Liver Detoxification -- Fact or Fad?
De-Liver Me From Evil
By Laurie Barclay
Reviewed By Gary Vogin
Dec. 17, 2001 -- We're often tempted to overindulge during the holidays, then wish we could wave a magic wand to undo the damage. With our liver working overtime to inactivate alcohol and process rich, fatty foods, a potion to heal stressed-out liver cells might just do the trick. But before you stress out your holiday budget on expensive dietary supplements, consider the following facts
Most toxins, or poisons, reach our bloodstream when we swallow or inhale them. Others pass through our skin, while still others are released by dying cells or invading bacteria. Many of these toxins pass through the liver -- the body's waste-purification plant -- where they are broken down and removed from the blood before they can do their dirty work.
Poisons are also broken down by the kidney, eliminated in the urine and feces, or exhaled. Drinking six to eight glasses of water daily; eating lots of fresh fruits, veggies, and whole grains; and avoiding tobacco smoke and other fumes can all help keep your body in top working order. So can cutting back on fried foods, animal fats, sugar, and caffeine.
We can protect ourselves to some extent by avoiding obvious hazards such as recreational drugs, unsafe sex, and raw shellfish, all of which can cause the liver-damaging disease hepatitis. But even when we're being good to our liver, hidden dangers can damage its cells and interfere with toxin breakdown. Toxins lurk in prescription medications, food additives, and air pollutants, and these may be impossible to avoid completely.
Here's where "liver detoxification" might come in. When the liver is working double-duty to protect you from an onslaught of bad diet, bad judgment, and unavoidable insults, it could benefit from a little extra help.
Antioxidant vitamins such as C, E, and beta-carotene; minerals such as zinc and selenium; B-vitamins that aid alcohol metabolism; and herbs said to "cleanse" the liver such as milk thistle, dandelion root, and schizandra, might help protect liver cells while ridding our body of poisons.
"There is a lot of experimental work in the laboratory and in animals suggesting the beneficial effect of milk thistle extract," Raman Venkataramanan, PhD, FCP, tells WebMD. He is a professor of pharmaceutical sciences and pathology at the University of Pittsburgh.
Laboratory studies by Bharat B. Aggarwal, PhD, a professor of cancer medicine at the University of Texas M.D. Anderson Cancer Center in Houston, and his colleagues also suggest that silymarin, an extract of milk thistle, acts on biochemical pathways to aid in detoxification.
"In the laboratory, silymarin is quite protective against liver damage," Aggarwal tells WebMD. "It is approved in Europe for liver damage, especially that induced by alcohol, and seems to have no adverse effects."
But the jury is still out on the ability of supplements like milk thistle to live up to these claims, and to what extent.
"Several small, uncontrolled studies indicate some benefit to the use of milk thistle in patients with different types of liver disease without significant side effects," Venkataramanan says. "However, there is no controlled, properly powered, large-scale, convincing study supporting the benefits of milk thistle in patients with liver disease."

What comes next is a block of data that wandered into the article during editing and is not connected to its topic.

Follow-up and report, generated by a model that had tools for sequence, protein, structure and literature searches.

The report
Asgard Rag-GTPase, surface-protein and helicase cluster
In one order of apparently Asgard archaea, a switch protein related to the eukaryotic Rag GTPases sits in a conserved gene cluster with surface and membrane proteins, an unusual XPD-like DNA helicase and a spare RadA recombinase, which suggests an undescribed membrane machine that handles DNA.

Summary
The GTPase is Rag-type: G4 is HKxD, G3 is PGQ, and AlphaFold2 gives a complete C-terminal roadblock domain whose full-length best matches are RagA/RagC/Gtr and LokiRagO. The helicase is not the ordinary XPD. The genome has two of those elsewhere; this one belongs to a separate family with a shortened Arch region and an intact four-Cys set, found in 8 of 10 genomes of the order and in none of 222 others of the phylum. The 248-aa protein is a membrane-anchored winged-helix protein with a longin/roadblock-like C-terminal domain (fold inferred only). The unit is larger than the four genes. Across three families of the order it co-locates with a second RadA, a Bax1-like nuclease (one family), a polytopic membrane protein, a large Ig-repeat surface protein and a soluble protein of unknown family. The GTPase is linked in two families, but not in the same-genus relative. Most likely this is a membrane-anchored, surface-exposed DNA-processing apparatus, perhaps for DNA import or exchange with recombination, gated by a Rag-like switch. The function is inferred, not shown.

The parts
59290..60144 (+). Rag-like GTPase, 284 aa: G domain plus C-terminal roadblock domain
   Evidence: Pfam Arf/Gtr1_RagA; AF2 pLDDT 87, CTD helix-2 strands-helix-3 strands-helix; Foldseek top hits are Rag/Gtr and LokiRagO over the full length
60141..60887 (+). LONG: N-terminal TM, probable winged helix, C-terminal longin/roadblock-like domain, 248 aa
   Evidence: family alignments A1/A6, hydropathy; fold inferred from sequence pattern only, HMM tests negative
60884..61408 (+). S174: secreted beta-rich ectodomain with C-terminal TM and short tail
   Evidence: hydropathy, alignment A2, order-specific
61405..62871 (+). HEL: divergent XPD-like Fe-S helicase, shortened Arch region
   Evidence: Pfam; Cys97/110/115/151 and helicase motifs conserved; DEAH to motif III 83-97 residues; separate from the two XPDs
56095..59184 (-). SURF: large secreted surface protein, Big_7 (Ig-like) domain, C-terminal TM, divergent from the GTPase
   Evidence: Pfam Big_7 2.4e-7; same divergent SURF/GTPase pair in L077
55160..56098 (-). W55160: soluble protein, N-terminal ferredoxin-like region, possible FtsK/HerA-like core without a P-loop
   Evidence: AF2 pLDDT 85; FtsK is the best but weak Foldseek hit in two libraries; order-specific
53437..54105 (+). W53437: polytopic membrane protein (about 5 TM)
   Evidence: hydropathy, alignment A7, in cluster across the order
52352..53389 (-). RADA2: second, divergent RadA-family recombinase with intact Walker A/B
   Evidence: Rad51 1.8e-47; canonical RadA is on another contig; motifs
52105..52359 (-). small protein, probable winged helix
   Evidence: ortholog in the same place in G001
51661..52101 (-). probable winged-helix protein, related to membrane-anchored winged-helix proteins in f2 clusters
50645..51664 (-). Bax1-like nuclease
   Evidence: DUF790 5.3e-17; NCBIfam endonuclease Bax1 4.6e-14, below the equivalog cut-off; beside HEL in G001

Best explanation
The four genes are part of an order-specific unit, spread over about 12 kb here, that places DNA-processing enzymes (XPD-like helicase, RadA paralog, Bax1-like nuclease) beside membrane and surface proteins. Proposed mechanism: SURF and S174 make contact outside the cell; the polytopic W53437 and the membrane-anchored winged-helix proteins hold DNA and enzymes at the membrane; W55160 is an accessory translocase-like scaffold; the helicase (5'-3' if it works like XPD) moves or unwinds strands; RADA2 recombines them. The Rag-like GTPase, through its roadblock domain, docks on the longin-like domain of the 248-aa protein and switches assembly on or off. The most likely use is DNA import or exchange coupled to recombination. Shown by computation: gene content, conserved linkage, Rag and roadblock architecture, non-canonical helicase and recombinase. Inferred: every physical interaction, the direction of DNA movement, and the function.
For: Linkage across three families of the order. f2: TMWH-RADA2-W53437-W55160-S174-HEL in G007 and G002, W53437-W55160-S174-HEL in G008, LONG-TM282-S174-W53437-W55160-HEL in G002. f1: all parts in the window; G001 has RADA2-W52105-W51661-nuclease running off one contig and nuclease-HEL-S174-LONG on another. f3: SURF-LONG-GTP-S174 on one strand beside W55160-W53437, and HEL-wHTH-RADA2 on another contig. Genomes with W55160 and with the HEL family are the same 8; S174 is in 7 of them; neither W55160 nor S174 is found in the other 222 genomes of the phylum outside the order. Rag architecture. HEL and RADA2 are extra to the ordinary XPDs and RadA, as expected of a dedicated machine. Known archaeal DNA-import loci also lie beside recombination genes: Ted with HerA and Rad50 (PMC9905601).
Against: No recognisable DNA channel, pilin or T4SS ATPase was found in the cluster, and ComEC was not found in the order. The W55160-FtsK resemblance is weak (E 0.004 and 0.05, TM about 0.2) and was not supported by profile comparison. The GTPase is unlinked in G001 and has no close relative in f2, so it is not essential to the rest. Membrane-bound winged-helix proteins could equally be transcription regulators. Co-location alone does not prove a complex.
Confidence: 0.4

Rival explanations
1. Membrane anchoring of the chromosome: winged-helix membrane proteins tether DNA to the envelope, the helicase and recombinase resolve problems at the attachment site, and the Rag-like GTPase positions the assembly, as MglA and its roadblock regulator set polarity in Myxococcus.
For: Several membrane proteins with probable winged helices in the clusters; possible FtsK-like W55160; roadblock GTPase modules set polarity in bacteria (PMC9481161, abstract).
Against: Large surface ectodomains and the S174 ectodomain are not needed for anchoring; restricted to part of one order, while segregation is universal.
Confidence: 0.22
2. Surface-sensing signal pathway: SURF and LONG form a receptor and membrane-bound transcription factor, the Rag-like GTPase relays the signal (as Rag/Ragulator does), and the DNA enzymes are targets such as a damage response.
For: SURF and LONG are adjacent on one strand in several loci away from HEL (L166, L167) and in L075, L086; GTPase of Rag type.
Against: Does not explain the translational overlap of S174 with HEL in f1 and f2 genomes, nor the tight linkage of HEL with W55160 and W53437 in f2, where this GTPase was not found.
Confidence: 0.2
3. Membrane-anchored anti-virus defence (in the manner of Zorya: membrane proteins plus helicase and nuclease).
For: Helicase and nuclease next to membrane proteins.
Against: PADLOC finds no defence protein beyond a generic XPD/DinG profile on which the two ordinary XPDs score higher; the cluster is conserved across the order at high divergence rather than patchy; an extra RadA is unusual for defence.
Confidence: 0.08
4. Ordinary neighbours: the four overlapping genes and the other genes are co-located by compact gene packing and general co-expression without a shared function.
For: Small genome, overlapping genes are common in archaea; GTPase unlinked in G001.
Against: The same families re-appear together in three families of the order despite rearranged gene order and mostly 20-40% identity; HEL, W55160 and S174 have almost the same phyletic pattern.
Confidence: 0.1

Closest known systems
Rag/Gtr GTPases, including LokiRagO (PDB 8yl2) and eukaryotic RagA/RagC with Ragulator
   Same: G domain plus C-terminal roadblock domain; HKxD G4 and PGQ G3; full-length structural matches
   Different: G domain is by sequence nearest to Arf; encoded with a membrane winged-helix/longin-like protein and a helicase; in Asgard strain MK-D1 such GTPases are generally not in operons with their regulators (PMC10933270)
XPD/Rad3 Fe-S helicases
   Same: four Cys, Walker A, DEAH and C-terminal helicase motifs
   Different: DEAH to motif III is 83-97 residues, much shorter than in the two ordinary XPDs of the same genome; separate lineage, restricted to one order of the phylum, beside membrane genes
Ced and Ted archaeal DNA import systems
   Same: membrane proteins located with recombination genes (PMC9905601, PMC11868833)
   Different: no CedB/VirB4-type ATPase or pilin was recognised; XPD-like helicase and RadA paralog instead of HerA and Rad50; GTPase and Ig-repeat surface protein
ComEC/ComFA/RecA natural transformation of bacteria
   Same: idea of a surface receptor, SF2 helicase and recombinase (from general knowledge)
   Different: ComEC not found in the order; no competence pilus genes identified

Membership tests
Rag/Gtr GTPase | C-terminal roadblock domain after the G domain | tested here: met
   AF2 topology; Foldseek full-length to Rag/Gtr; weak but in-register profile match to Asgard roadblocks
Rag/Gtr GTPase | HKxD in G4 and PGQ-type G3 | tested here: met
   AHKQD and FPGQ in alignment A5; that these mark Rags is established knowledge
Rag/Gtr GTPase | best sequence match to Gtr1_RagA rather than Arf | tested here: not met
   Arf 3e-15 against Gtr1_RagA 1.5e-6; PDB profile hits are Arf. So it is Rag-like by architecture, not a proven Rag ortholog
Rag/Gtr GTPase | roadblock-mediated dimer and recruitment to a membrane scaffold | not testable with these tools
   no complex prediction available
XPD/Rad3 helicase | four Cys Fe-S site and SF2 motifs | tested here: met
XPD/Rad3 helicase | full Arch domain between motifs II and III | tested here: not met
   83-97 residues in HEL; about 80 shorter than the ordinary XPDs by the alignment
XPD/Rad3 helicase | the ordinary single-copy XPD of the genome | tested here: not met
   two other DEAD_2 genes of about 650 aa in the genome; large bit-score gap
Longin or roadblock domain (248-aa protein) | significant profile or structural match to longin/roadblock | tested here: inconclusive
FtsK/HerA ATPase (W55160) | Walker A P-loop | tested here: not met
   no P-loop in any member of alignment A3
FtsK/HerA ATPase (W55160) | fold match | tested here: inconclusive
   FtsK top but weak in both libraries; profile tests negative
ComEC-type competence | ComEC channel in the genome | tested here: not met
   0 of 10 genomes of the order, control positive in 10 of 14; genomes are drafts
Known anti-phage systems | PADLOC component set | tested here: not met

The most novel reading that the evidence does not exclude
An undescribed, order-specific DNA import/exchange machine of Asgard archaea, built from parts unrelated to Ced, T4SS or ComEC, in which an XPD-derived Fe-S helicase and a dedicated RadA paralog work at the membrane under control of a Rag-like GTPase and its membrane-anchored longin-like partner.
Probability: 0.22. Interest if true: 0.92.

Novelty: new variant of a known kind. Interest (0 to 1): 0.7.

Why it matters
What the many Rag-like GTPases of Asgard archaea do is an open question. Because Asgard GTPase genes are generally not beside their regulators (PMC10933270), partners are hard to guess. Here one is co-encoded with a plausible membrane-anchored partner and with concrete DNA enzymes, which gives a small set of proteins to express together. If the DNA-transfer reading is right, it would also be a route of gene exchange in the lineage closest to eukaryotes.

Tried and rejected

Another problem is that the FDA does not regulate nutritional supplements. Purity, source, and strength of available products differ widely.
"There is no clear study documenting the actual dose of milk thistle extract and the duration of treatment that is necessary for treating patients with liver disease," Venkataramanan says. "Not all the products available in the market are the same."
There are an endless variety of liver detoxification supplements to choose from, and all the choices can leave you feeling overwhelmed. Milk thistle, for example, is available as powdered seeds at $1.80 per ounce from Cancer Salves, or as "Rainbow Light Milk Thistle Plus" at $20.50 for 60 tablets from Kitchen Doctor.
For those preferring a liquid "cocktail," Native Essence Herb Company offers a concoction of dandelion root, milk thistle seed, Oregon grape root, celery seed, fennel seed, fringetree root bark, licorice root, yellow dock root, Culver's root, cascara sagrada bark, blue flag root, burdock root, barberry root, wahoo root bark, and Turkish rhubarb root.
Although these products come with suggested dosages, they don't state how much of the active ingredient is present, or at what strength. Most of the studies thus far have looked at the effects of these supplements individually, not in combination, so there is no experimental evidence justifying use of a specific tonic.
"A lot of products on the market may be useless, as silybin [the active ingredient in silymarin] may not be absorbed from these products," Venkataramanan says.
As some ingredients in milk thistle could interact with prescription medications, he warns that patients "must inform their primary care physicians of their use of milk thistle extract so that they can be evaluated for signs and symptoms of potential overdosing of their medications."
More unanswered questions are whether these supplements should be taken daily to maintain normal liver health, whether they should be taken only during alcohol excess or other periods of liver stress, and what their effects are on an already-diseased liver. Now that research organizations like the National Institutes of Health have begun to study alternative therapies, we may get a better handle on how best to use them.
In the meantime, enjoy the holidays. But remember -- the best present you can give your liver is a healthy combination of good judgment and self-restraint.
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